Since our founding, COWS has emphasized that through efficient and democratic governance, society can achieve outcomes that lead to environmental sustainability and equity for all peoples. We believe that the public sector, including elected officials, utilities, and more, is an important component of achieving these goals.
Launched in 2020, ProGov21 is a collaborative effort between COWS and many of our partners. Covering policy areas from energy to election finance, ProGov21 brings resources and sample high road policies to non-federal and non-state public entities with power (counties, cities, villages, towns, commissions, authorities, and districts). We thank all of the contributors who have made this project possible, and we welcome new additions to our resource library.
Our policy roadmaps serve as an introduction and overview of the key components of important high road policies, ranging from civil rights to transportation.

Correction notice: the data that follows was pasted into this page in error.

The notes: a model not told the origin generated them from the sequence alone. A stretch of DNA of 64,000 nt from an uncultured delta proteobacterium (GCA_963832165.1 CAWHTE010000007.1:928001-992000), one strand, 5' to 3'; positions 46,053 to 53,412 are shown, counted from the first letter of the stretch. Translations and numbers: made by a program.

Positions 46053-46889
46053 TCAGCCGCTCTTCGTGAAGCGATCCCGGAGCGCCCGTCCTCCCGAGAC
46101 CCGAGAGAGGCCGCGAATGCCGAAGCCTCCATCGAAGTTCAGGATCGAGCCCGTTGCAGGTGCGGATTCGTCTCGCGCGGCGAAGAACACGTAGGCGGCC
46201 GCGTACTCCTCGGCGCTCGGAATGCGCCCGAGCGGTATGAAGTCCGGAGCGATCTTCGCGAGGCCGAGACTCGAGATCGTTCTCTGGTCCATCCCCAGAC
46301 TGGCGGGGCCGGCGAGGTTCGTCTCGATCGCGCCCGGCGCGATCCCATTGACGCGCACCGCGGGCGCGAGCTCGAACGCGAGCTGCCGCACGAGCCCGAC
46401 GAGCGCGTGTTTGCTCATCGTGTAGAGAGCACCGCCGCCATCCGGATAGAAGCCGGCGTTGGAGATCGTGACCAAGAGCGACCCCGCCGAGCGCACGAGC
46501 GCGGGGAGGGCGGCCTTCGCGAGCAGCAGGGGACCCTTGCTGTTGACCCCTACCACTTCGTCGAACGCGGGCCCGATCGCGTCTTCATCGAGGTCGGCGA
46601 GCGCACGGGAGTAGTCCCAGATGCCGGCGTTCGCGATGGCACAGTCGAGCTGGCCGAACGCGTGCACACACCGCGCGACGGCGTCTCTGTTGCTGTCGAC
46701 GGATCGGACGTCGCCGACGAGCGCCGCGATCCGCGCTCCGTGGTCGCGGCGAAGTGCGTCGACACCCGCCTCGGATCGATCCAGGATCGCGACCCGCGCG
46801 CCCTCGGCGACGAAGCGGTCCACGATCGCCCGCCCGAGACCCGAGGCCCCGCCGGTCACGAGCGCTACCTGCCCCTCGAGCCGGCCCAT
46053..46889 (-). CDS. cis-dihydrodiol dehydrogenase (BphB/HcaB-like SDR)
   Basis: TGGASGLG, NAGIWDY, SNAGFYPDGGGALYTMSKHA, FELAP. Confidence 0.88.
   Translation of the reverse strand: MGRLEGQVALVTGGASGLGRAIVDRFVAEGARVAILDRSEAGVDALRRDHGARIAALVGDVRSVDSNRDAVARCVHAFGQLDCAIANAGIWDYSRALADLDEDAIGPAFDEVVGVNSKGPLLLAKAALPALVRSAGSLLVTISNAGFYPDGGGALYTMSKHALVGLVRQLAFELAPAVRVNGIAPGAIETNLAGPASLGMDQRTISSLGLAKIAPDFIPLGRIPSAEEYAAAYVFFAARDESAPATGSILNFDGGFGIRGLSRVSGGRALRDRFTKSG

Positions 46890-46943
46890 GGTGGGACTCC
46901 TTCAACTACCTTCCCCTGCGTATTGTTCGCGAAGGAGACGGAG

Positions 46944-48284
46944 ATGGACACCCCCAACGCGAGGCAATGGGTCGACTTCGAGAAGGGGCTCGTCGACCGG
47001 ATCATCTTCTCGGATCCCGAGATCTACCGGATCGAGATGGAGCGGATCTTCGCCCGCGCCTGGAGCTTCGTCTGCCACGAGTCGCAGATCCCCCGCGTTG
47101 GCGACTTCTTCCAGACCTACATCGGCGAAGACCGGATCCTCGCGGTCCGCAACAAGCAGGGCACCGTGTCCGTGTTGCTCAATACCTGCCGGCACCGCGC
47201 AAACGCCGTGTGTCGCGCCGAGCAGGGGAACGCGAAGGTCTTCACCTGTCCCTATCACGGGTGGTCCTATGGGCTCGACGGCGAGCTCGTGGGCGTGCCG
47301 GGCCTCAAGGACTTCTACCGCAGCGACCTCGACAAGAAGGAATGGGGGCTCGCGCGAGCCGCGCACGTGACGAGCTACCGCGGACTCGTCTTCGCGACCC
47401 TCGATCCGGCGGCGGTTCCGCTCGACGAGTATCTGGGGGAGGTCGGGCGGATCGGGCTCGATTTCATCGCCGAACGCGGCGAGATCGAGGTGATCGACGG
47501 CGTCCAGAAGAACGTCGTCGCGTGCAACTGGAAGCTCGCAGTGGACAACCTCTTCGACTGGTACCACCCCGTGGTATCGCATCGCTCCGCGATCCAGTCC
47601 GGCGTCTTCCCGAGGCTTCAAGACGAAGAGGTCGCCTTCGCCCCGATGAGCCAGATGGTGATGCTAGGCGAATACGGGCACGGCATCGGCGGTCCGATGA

Our advanced search helps local officials find a range of policy documents such as policy briefs, ordinances, fact sheets, executive orders, ballot measures, and more.
We believe that cities are central and critical to getting on the high road. Check out our other city-focused areas of work:
The Mayors Innovation Project is a learning network among mayors committed to high road policy and governance: shared prosperity, environmental sustainability, efficient democratic government.
COWS works with local governments to connect the dots between research and policy, using the health in all policies framework.
We bring our learnings from across our decades of experience working with local, state, and federal governments and agencies to identify how the public sphere can best serve constituents in an efficient, democratic, and equitable manner. Our writing covers a wide range of policy topics.
This brief focuses on how local leaders, community organizers, and developers can play a critical role in community wealth building. The report features case studies of Detroit, MI; Lafayette, LA; and Nashville, TN.
This brief focuses on how mayors can make water a key part of their agenda, as aging water infrastructure systems, climate change, and the general rising cost of urban living exacerbate lack of access to clean and affordable water.